Regardless, I'm thinking the timer approach might also be helpful for a somewhat different reason: when I'm setting the Listen Mode for fairly short cycles (64usec for Rx and about 100ms for idle), as I will for the low latency remote control listening, it might be tidier not to wake up the atmega328p on every cycle if nothing is happening just to have it increment a counter and go back to sleep.  Rather, maybe use the asynchronous timer's counting ability to wait 1000 or 10000 cycles or so before waking up the atmega328p with a timer interrupt so that it can measure the voltage and phone home.
« Last Edit: February 09, 2017, 04:32:17 PM by WhiteHare »

perky

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Re: Using ListenMode as Wakeup timer
« Reply #54 on: February 09, 2017, 05:45:19 PM »
You can set the pin to interrupt on either edge:

attachInterrupt (0, wake, CHANGE);

I found with my xmega part this actually worked, but rising or falling modes didn't (still don't know why). If the logic is common maybe it will work for this too, it's a simple enough test as you're only trying to detect a transition.

Mark.

Edit: found the reason, the pin I was using has "limited asynchronous sense support", and that allows level and pin change interrupts but not rising or falling edge. Still confuses me though because the device did not wake up which it was supposed to do even if no interrupt was actually generated.

And more info, the 328P says that for the external interrupts "recognition of falling or rising edge interrupts on INT requires the presence of an I/O clock. Low level interrupt on INT is detected asynchronously". It doesn't mention pin change in that section, but the option is in the EICRA register section. If you are deep sleeping the device it'll have to wake up and start the IO clock first with rising or falling edges. Since it doesn't mention the change condition maybe that doesn't require the IO clock (?).
« Last Edit: February 09, 2017, 07:18:05 PM by perky »

WhiteHare

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Re: Using ListenMode as Wakeup timer
« Reply #55 on: February 09, 2017, 08:17:33 PM »
You can set the pin to interrupt on either edge:

attachInterrupt (0, wake, CHANGE);


Thanks for clarifying that.  I tried it just now, but unfortunately CHANGE doesn't work any better than RISING or FALLING.  With any of them, it does occasionally, and seemingly at random, pick up the PllLock interrupt when ListenCoefRx=1 and ListenResolRx=64us.   However, it definitely misses the vast majority of them.  When I switch to ListenCoefRx=2, though, then it picks up every interrupt just as it should.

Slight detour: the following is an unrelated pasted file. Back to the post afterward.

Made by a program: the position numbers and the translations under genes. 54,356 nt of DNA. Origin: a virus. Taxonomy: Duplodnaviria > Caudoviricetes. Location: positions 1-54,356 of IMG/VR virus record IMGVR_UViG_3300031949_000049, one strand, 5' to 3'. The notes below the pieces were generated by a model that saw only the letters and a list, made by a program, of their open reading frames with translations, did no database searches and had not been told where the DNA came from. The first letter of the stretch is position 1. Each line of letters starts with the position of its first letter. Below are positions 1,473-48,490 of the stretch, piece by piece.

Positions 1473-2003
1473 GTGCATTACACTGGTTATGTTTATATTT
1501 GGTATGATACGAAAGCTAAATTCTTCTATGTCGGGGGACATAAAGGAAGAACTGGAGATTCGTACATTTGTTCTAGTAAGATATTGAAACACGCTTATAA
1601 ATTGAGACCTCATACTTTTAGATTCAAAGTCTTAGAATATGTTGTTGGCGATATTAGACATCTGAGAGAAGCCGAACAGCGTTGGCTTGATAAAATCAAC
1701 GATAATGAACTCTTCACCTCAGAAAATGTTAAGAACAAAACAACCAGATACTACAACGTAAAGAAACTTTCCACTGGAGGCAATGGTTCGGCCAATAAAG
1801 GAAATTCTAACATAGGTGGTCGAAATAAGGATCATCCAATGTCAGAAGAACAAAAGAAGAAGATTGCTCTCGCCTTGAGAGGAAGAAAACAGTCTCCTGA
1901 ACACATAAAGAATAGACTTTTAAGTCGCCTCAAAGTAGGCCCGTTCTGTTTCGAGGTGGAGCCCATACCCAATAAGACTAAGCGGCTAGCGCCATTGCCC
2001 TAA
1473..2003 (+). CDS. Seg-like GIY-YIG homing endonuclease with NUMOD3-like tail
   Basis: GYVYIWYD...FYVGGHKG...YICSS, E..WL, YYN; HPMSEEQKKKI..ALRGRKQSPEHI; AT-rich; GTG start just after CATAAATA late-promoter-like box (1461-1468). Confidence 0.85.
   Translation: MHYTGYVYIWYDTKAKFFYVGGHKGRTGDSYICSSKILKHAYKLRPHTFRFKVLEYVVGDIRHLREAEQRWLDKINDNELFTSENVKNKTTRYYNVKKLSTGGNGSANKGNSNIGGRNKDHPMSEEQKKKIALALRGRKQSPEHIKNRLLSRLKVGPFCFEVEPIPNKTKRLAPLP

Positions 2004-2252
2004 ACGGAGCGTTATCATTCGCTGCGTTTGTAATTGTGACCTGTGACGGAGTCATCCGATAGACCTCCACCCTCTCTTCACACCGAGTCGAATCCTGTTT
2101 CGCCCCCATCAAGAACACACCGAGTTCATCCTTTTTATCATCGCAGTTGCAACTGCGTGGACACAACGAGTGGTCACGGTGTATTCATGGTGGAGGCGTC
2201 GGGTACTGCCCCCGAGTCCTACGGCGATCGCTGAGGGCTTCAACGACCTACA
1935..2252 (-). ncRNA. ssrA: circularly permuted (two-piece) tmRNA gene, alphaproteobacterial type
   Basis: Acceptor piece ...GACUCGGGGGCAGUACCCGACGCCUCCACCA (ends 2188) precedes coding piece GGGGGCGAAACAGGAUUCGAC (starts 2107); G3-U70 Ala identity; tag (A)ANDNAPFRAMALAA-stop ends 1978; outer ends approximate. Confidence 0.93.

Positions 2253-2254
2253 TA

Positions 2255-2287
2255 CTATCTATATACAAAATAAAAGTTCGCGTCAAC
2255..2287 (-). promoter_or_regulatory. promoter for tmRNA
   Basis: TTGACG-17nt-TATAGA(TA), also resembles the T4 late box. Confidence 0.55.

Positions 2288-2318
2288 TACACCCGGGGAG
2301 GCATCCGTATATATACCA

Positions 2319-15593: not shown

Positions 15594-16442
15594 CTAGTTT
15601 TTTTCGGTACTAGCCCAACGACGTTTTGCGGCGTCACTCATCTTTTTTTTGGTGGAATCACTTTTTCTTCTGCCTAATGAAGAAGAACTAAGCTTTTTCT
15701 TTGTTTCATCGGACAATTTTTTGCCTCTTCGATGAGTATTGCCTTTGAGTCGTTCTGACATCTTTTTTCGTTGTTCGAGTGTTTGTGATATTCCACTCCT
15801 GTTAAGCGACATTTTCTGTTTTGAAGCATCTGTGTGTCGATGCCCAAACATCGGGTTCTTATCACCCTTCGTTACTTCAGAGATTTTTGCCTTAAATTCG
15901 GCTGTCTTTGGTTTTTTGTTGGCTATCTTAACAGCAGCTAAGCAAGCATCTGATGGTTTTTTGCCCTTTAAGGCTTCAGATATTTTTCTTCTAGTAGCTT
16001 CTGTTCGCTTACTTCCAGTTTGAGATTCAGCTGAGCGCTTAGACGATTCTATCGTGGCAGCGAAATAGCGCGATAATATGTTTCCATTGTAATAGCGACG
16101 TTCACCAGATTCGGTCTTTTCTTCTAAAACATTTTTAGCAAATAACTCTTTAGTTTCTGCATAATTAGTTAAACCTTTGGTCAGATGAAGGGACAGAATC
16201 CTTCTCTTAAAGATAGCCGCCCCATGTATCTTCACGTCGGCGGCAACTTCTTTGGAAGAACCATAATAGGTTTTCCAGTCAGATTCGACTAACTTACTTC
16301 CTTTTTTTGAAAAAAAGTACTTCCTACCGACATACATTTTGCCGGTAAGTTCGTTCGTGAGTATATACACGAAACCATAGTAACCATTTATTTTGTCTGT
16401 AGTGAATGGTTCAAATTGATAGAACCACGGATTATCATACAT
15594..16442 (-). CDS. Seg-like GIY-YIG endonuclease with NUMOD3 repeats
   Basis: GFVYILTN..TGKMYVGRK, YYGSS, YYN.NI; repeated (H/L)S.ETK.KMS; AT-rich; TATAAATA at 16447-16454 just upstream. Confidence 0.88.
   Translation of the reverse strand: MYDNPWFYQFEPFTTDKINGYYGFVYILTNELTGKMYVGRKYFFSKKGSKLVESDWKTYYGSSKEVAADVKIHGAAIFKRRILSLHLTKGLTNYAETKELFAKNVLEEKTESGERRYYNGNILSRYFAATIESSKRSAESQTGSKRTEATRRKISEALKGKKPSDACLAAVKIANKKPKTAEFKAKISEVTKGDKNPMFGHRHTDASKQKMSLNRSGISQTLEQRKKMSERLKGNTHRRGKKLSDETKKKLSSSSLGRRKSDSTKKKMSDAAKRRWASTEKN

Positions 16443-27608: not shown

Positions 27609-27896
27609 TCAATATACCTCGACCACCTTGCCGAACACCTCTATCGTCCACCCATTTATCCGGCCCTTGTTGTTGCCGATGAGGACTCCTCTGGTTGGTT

The issue is more significant if attempting a low latency listen mode, because there are simply many, many more ListenRx's happening (I'm hoping for 1 every 100ms), and it all adds up.  Reducing all those ListenRx's to ListenCoefRx=1 should reduce current consumption by somwhere up to half.

So, plan B is to hope that Listen Mode really does work as it should with ListenCoefRx=1.  However, because I can't utilize PllLock pulses which are that brief to wake the atmega328p, I'm hoping that feeding those PllLock interrupt pulses into the atmega328p's asynchronous timer will yet catch them, and thus indirectly wake the atmega328p after a programmed number of pulses are received if atmega328p hasn't already been awoken by receiving a packet while in Listen Mode.  Well, that's the theory anyway.   ::)

[Edit:  Actually, come to think of it, there is one other possibility as to why it's missing most of the PllLock interrupts when ListenCoefRx=1:  I have a lot of debug println statements that I haven't commented out yet.  Perhaps one of those is getting serviced when the PllLock interrupt briefly fires, and the interrupt flag clears before it finishes with the println's.  I'll do some housecleaning and see if that makes a difference.  Chances are it might!]
« Last Edit: February 09, 2017, 09:37:08 PM by WhiteHare »

WhiteHare

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Re: Using ListenMode as Wakeup timer
« Reply #56 on: February 12, 2017, 10:04:41 PM »
Back to square one.  It turns out that commenting out the debug code didn't solve the problem after all.  So, I put pin 2 on a scope to see what's going on.  When ListenCoefRx=2, the pulse width on DIO0 is about 13uSec. 

When ListenCoefRx=1, there is no pulse at all.

[Edit: therefore, it would appear that the shortest (most energy efficient) setting for PllLock that still works is when ListenCoefRx=2.  It just is what it is.  ::)]

« Last Edit: February 13, 2017, 08:36:25 AM by WhiteHare »

WhiteHare

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Re: Using ListenMode as Wakeup timer
« Reply #57 on: February 13, 2017, 12:21:08 PM »
I just now mapped DIO4 to PllLock to see what would happen.  When ListenCoefRx=2, I get a repeating pulse that's 62uSec wide.  However, when ListenCoefRx=1, I get no pulses.

I think that confirms it.  ListenCoefRx=2 is the shortest setting when ListenResolX is 64uSec.   :(

perky

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Re: Using ListenMode as Wakeup timer
« Reply #58 on: February 13, 2017, 12:56:29 PM »
OK, it wasn't missing pulses then - they just weren't there ;) This is useful work WhiteHare.
Mark.

joelucid

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Re: Using ListenMode as Wakeup timer
« Reply #59 on: February 13, 2017, 05:34:50 PM »
Yeah, it typically takes 80 uS to get pll locked according to the datasheet. So this isn't too surprising. Still very good to have it experimentally confirmed!